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Process design of press hardening with gradient material property influence

: Neugebauer, Reimund; Schieck, F.; Rautenstrauch, A.

Preprint urn:nbn:de:0011-n-1646203 (3.3 MByte PDF)
MD5 Fingerprint: 29d4d07ec66039ce29087e3de117af5a
Copyright AIP
Created on: 16.6.2011

Menary, G. ; American Institute of Physics -AIP-, New York:
14th International ESAFORM Conference on Material Forming 2011 : 27-29 April 2011, Belfast
New York, N.Y.: AIP Press, 2011 (AIP Conference Proceedings 1353)
ISBN: 978-0-7354-0911-8
ISBN: 0-7354-0911-0
ISSN: 0094-243X
International Conference on Material Forming <14, 2011, Belfast>
Conference Paper, Electronic Publication
Fraunhofer IWU ()
hot sheet metal forming; material characterization; thermo-mechanical processing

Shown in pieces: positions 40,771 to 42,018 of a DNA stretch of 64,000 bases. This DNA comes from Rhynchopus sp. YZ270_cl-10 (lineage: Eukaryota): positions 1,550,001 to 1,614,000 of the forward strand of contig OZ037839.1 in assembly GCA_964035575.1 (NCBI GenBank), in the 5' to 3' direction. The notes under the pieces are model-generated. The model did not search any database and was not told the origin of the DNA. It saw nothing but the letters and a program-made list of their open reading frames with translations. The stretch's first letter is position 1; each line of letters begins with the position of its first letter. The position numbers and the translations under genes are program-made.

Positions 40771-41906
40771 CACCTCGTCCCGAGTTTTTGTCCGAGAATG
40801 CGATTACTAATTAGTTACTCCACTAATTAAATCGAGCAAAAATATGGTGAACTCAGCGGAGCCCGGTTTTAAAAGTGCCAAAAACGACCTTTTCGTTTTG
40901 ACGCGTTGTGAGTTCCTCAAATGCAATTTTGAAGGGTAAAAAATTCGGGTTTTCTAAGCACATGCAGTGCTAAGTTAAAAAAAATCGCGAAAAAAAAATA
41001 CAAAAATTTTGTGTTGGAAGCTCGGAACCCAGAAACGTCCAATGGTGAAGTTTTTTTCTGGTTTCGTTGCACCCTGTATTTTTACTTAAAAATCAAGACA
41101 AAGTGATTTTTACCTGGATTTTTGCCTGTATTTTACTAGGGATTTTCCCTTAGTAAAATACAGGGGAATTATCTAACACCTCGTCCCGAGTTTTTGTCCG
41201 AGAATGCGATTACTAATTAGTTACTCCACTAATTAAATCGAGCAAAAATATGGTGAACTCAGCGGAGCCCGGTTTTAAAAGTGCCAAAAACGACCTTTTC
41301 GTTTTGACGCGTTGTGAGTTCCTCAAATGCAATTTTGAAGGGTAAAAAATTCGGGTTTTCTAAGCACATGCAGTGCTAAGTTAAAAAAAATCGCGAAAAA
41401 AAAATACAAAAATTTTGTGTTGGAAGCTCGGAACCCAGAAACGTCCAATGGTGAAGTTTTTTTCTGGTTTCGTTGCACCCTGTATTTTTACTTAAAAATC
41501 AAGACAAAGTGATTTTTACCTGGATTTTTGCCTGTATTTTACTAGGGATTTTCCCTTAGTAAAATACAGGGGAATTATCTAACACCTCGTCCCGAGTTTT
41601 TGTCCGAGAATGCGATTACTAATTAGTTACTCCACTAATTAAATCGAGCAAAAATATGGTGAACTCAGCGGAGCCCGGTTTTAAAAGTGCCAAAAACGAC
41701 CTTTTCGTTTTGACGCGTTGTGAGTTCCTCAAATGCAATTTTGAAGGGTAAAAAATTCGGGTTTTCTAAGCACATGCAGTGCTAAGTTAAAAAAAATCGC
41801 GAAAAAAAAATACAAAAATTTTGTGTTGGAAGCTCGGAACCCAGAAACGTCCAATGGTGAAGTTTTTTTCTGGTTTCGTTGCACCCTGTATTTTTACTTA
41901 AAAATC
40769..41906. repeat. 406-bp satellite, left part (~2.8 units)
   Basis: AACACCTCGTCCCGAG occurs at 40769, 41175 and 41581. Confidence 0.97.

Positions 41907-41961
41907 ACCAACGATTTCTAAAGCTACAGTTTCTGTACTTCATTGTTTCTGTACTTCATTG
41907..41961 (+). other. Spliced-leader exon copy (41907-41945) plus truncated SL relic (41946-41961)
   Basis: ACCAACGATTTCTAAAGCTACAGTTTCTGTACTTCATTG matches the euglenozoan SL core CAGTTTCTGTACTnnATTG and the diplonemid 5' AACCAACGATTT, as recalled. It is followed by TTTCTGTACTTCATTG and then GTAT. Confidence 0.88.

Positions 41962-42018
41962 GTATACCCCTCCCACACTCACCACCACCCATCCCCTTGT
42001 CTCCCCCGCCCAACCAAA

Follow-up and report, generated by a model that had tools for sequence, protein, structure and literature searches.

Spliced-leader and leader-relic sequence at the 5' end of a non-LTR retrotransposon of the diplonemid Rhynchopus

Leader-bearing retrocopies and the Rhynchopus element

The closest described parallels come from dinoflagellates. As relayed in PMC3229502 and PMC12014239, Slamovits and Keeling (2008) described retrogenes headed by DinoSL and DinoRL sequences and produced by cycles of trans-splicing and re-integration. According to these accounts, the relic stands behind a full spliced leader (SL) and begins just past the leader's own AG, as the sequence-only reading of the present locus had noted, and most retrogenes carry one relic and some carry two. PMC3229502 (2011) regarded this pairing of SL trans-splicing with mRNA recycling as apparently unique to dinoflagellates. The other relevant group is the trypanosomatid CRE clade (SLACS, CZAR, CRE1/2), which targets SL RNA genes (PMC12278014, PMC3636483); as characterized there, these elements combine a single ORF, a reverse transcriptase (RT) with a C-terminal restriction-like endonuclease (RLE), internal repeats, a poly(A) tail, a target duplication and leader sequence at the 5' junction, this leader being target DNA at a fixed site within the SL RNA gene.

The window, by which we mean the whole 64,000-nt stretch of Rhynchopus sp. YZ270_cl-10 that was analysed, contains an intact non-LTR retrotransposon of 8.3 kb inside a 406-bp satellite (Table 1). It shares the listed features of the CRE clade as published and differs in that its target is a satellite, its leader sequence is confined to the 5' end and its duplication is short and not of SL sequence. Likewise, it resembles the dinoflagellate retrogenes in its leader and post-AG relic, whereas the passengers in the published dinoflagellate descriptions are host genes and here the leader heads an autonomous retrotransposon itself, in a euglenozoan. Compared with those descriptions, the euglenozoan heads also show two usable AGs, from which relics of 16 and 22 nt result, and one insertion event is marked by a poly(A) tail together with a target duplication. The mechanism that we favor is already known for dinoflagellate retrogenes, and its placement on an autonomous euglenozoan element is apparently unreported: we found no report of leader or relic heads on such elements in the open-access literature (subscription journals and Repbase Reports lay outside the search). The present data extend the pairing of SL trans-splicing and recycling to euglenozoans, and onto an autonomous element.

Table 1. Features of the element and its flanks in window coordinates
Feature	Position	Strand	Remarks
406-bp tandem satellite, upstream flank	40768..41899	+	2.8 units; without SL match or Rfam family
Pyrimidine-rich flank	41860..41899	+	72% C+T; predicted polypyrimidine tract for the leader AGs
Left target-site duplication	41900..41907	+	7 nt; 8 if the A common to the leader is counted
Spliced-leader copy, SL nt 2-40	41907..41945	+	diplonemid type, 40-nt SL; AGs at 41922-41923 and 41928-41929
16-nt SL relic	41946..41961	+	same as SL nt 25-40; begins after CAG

Press hardening is currently used in the production of automotive structures that require very high strength and controlled deformation during crash tests. Press hardening can achieve significant reductions of sheet thickness at constant strength and is therefore a promising technology for the production of lightweight and energy-efficient automobiles. The manganeseboron steel 22MnB5 have been implemented in sheet press hardening owing to their excellent hot formability, high hardenability, and good temperability even at low cooling rates. However, press-hardened components have shown poor ductility and cracking at relatively small strains. A possible solution to this problem is a selective increase of steel sheet ductility by press hardening process design in areas where the component is required to deform plastically during crash tests. To this end, process designers require information about microstructure and mechanical properties as a function of the wide spectrum of cooling rates and sequences and austenitizing treatment conditions that can be encountered in production environments. In the present work, a Continuous Cooling Transformation (CCT) diagram with corresponding material properties of sheet steel 22MnB5 was determined for a wide spectrum of cooling rates. Heating and cooling programs were conducted in a quenching dilatometer. Motivated by the importance of residual elasticity in crash test performance, this property was measured using a micro-bending test and the results were integrated into the CCT diagrams to complement the hardness testing results. This information is essential for the process design of press hardening of sheet components with gradient material properties.